Mistake #1: Hospitals Increase the Risk of Virus Infection: The company claims that anyone who ends up in the hospital during a pandemic has “a very big chance” of being infected with a deadly virus by their doctor.
Mistake #2: Doctors Overlook the Value of a Superior Immune System: The makers of HepaBoost claim some people have a superior immune system, and this is why “some people don’t get infected easily.” Even if these people stood naked in a crowd filled with sneezing people, they don’t get sick because they have a strong immune system. The company claims the liver is “the gateway to a stellar immune system,” which is why they’re confident that HepaBoost can boost liver health and immunity.
Mistake #3: Health Foods Weaken Your Immune System: The makers of HepaBoost claim that health foods aren’t actually healthy for you. They weaken the health of your liver, flooding your body with chemicals. They claim supplements like HepaBoost are superior to eating these so-called ‘health foods.’
Mistake #4: Cold Medicine Weakens your Immune System: Many doctors recommend cold medicine when dealing with symptoms. However, the makers of HepaBoost advise against taking cold medicine because it “can damage the liver.” Cold medicine contains acetaminophen. In large doses, it could damage the liver. The makers of HepaBoost claim that “taking cold medicine during a pandemic can kill you,” which is why they seem to advise against it.
Mistake #5: Doctors Don’t Check for Liver Damage: Liver checkups are a standard part of any blood test or physical. However, the makers of HepaBoost insist that “no doctor will test you for liver damage” unless you explicitly request it.
The sales page for HepaBoost is filled with horror stories from the 1918 Spanish Flu pandemic. The sales page describes the symptoms of that disease in gory detail and then presents HepaBoost to avoid these symptoms.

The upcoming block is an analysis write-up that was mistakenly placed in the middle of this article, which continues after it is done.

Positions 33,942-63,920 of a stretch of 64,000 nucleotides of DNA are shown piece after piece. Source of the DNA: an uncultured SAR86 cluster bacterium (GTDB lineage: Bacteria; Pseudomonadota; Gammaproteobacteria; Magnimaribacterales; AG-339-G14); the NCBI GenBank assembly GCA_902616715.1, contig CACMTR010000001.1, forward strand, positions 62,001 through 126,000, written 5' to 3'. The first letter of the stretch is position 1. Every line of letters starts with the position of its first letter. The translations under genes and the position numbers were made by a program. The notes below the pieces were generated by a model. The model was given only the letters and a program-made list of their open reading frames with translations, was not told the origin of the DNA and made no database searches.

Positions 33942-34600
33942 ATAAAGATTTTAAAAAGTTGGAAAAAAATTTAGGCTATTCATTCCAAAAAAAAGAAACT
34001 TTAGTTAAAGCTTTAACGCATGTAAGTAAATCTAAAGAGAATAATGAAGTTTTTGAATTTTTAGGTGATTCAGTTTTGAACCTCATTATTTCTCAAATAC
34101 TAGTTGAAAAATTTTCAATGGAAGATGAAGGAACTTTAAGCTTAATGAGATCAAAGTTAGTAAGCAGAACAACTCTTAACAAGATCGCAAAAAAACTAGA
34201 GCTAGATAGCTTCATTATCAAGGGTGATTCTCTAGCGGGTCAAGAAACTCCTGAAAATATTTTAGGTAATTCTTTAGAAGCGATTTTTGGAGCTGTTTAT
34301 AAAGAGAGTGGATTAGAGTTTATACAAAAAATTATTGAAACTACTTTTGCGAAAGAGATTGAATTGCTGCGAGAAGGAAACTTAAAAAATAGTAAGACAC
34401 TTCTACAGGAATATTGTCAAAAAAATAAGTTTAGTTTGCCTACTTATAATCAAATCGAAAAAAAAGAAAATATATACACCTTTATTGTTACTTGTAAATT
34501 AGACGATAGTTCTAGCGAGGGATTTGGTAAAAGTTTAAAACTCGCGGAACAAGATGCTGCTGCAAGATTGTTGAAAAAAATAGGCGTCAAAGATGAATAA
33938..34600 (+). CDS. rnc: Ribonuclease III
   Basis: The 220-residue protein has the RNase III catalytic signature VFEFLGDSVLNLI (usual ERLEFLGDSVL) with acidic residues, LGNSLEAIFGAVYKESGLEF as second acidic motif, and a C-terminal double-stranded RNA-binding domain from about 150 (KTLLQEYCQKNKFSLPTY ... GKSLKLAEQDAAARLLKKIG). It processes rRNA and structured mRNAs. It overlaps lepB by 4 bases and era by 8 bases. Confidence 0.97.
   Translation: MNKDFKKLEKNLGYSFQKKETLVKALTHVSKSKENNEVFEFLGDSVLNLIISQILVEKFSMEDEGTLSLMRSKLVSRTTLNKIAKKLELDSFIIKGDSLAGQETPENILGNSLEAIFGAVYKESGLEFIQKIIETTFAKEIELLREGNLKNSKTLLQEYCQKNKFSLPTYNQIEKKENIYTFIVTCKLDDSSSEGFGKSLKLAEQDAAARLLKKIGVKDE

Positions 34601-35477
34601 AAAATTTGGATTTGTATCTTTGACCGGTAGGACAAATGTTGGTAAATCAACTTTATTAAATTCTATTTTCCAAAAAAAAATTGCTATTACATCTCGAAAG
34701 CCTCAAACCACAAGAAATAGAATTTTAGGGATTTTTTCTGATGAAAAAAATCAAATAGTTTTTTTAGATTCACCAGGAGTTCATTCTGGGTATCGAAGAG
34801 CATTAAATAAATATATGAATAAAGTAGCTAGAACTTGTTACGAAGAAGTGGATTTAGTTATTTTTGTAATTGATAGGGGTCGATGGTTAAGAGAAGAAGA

Awkward marketing aside, let’s take a closer look at what’s inside HepaBoost and how these ingredients support liver function and immunity.
Some liver health supplements contain a handful of ingredients in high doses. HepaBoost has taken a different approach, containing dozens of ingredients in tiny doses.
The supplement contains strong doses of just two ingredients, including zinc (273% of your Daily Value) and milk thistle extract (200mg dose). The other ingredients appear in doses of 50mg or less, which is less than the dose used in competing supplements and studies.
Despite the low doses of most ingredients, the makers of HepaBoost insist their formula supports liver function. When you support liver function, you make it easier for your liver to cleanse toxins from your body. Good livers lead to good immune systems. That’s why HepaBoost claims to support liver and immunity in one convenient supplement.
Each two capsules serving of HepaBoost contains the following ingredients:
30mg of zinc (273% Daily Value)
200mg of milk thistle
50mg of beet
50mg of artichoke
50mg of Phyllanthus niruri
50mg of dandelion
50mg of yarrow
50mg of jujube seed
586mg of a proprietary blend with celery, alfalfa, burdock, yellow dock, methionine, grape seed, L-cystine, feverfew, N-acetyl cysteine, turmeric, red raspberry fruit, berberine, and ginger